Rectal prolapse is a common condition affecting both men and women of all ages. This can be caused by weakness in the muscles and tissues that support the rectum, often as a result of ageing or previous pelvic surgery. Other contributing factors include chronic constipation, diarrhoea and straining during bowel movements. Overall, there are several effective treatment options available for rectal prolapse. With proper diagnosis and management, patients can achieve an improved quality of life and reduce the risk of complications associated with this condition.
In this condition, the rectum protrudes outside the anus. This happens when the rectal muscles and tissues weaken, causing the rectum to fall out of its normal position. It can be a partial or complete prolapse, with symptoms ranging from minor discomfort to severe pain and bleeding.
Causes of rectal prolapse
A variety of factors can cause rectal prolapse. The most common cause includes:
- Weakened pelvic muscles, which can be due to ageing
- Chronic constipation
Other causes include nerve damage, chronic diarrhoea, and prior surgery in the pelvic region.
Symptoms of rectal prolapse
The main symptom of rectal prolapse is a protrusion of the rectum through the anus. This can be a partial or complete prolapse. Other symptoms may include:
- Feeling extreme pain
- Difficulty with bowel movements
- Faecal incontinence (Inability to control bowel movements)
How is rectal prolapse diagnosed?
The diagnosis of rectal prolapse is made based on a physical exam and medical history.
Digital rectal exam – The doctor may perform a digital rectal exam to check for any abnormalities in the anus and rectum.
Other tests – A diagnostic test, such as an anoscopy, sigmoidoscopy or colonoscopy, may also be performed to confirm the diagnosis and evaluate the extent of the prolapse.
These tests enable the doctor to view the rectum and colon with a camera.
In some cases, additional imaging tests like MRI or CT scans may be recommended to identify underlying causes of rectal prolapse, like nerve damage or muscle weakness. It’s essential to seek medical attention if the person experiences symptoms of rectal prolapse, as early treatment can prevent complications like tissue damage, infections, and faecal incontinence.
Treatment options for rectal prolapse
Several treatment options are available for rectal prolapse, ranging from non-surgical to surgical interventions. It depends on the severity of the prolapse.
Mild cases may be treated with non-surgical options, including stool softeners, dietary changes, and pelvic floor exercises.
Lifestyle changes – It is also crucial for patients to make lifestyle changes, such as maintaining a healthy weight and avoiding heavy lifting or straining during bowel movements, to prevent the recurrence of rectal prolapse. Patients should also seek regular follow-up care with their healthcare provider to monitor their condition and address any concerns or symptoms.
Moderate to severe cases may require surgical intervention, such as a rectopexy or a perineal approach.
In recent years, laparoscopic surgery has become an increasingly popular option due to its minimally invasive nature and quicker recovery times. However, not all patients may be suitable candidates for this type of surgery.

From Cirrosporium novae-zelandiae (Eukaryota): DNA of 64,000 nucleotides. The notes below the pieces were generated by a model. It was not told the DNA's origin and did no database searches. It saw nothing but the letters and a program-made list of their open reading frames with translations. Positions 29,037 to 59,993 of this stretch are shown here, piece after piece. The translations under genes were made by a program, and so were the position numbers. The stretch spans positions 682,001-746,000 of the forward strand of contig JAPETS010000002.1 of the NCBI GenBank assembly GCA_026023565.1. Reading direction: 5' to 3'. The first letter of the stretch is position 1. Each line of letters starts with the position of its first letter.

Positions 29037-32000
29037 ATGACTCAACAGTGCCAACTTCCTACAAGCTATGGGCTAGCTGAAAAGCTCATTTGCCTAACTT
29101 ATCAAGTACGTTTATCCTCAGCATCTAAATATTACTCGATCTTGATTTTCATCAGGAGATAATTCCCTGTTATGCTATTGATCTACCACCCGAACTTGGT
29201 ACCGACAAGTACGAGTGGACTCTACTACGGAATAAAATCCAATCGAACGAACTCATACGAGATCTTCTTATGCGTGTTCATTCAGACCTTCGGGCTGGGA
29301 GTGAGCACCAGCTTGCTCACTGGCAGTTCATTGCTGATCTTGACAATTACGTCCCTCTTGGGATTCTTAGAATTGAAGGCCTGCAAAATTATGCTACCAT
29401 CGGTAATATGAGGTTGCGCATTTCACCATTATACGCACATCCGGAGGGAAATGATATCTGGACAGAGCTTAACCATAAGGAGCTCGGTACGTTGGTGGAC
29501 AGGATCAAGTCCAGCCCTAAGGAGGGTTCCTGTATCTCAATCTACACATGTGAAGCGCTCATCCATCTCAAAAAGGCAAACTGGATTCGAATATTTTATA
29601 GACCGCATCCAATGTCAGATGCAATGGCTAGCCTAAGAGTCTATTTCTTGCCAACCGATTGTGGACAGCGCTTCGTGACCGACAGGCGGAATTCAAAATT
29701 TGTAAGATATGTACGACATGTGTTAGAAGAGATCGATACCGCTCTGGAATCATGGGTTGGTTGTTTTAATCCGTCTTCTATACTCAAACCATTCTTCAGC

Patients with rectal prolapse must seek medical attention as soon as possible to determine the most appropriate course of treatment for their specific case.
Complications associated with rectal prolapse
Rectal prolapse can lead to complications such as
- Faecal incontinence
- Chronic constipation
- Rectal ulceration
These complications can be avoided with prompt treatment.
When to Consult a Doctor
You can also get in touch with the expert Gastroenterology doctors at Narayana Healthcare based in your city to get immediate attention and medical support during injuries, health disorders or any other health concern.
Rectal prolapse can be challenging to manage; several treatment options can improve a patient’s quality of life. With proper diagnosis, management, and follow-up care, patients can achieve successful outcomes and minimise the risk of complications or recurrence. Patients need to work closely with their healthcare provider to determine the most appropriate course of treatment based on their individual needs and preferences.
Q. What is rectal prolapse?
A. Rectal prolapse is a condition where the rectum protrudes from the anus. This can be caused by weakened pelvic muscles, nerve damage, chronic diarrhoea, or prior surgery in the pelvic region.
Q. What causes rectal prolapse?
A. Rectal prolapse is mainly caused by weakened pelvic muscles, which can be due to ageing, childbirth, or chronic constipation.
Q. What are the common symptoms of rectal prolapse?
A. The common symptoms include discomfort, pain, bleeding, and difficulty with bowel movements.
Q. How is rectal prolapse diagnosed?
A. A doctor can diagnose rectal prolapse through a physical exam and medical history. In some cases, additional tests, such as a colonoscopy or a defecography, may be necessary.
Q. What is the treatment for rectal prolapse?
A. The treatment options vary depending on the severity of the prolapse but may include surgery or non-surgical interventions such as pelvic floor exercises and bowel management techniques.